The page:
| Expanding access to science and technology |
|Session 5: From new technologies to new modalities of cooperation|
|Systems management for information technology development|
It is possible to characterize existing conditions in a developing nation along several dimensions relative to development or transfer, and implementation of a new information technology. Two questions seem to be of primary importance relative to judgement and choice as concerns exploitation of a potential technology development and/or transfer venture. They can be expressed in slightly different form for individuals, groups, and organizations. In generic form, they are:
(1) Which new technology markets should a unit enter?
(2) How should the unit enter these technology markets so as to maximize the likelihood of success and the reward to be obtained from success, and at the same time to control the risk of failure and the losses to be suffered in the event of a failure? Entry may occur through internal development of a new technology or through a technology transfer process. There are a number of related infrastructure questions and questions of system integration associated with either approach.
A potential new technology can be nurtured by one unit, which may vary in scope from one company to one nation, through the use of a combination of the following two basic approaches:
(1) internal development of the technology, or
(2) venture funding of others and subsequent acquisition, or transfer, of the technology.
There are many ways through which the questions just posed could be resolved. In part, the appropriate development strategy depends upon an analysis of four related questions:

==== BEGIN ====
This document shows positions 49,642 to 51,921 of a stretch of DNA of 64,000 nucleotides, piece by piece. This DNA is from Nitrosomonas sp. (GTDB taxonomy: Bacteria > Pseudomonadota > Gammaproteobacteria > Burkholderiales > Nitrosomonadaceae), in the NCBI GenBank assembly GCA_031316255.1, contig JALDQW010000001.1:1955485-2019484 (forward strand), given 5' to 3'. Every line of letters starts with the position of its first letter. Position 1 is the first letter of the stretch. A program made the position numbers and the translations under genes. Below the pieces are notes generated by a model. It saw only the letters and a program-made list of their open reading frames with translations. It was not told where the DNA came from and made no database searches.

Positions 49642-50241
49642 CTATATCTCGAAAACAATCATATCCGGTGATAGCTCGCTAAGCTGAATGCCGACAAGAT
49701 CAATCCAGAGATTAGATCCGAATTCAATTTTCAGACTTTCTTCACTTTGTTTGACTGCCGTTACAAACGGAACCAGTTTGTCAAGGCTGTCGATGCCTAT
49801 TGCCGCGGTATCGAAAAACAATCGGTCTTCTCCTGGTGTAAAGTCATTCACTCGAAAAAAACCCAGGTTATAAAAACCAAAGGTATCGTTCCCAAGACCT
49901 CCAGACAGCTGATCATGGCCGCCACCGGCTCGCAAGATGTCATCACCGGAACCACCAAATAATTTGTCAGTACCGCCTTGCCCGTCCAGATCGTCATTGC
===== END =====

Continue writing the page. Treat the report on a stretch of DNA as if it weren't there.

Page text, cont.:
(1) How new and different is the technology for the unit in question?
(2) How new and different is the market for the technology for the unit in question?
(3) How familiar is the unit in question with technological development needs?
(4) How familiar is the market for the technology to the unit in question?
The responses to these questions lead to a 16-cell selection matrix, shown in figure 9, that determines the extent to which a specific unit might be able to use various types of knowledge in order to determine solutions to the many potential problems that may arrive in making a potential new technology operational. The terms "base technology" and "base market" are used to describe technologies and markets with which a unit is presently concerned. Roberts and Berry  have described appropriate entry strategies for the nine cells that are most supportive of success in development of a new technological product or service. These are the nine cells associated with the three left columns and top three rows in figure 6. The 16-cell matrix is appropriately called a "newness matrix."
"Newness" is the key concern in the newness matrix entries in figure 9, which indicates a basic 16-cell model of experiential familiarity with technology and market. Certainly, much about many information technologies will be new to a developing nation. But a potential innovation may be a new technology or a new market, in general - or for a specific company within a developing nation. Also, there are questions of existing technologies with which a new technology must be integrated, and experiential familiarity with the system integration process can also be expected to vary. Expanding on these concepts so as to be able to indicate generic costs and effectiveness indices, including success and failure possibilities, is a goal of a new technology identification study.
The newness matrix, illustrated in figure 9, suggests an approach for analysing the risks, hazards, and uncertainties associated with introducing a new technology. Such uncertainties, both in the market-place and in the technology itself, constitute, in the terminology of business, the risk factor. Risk, of course, is of fundamental importance as a decision-making influencer in both systems management and enterprise management.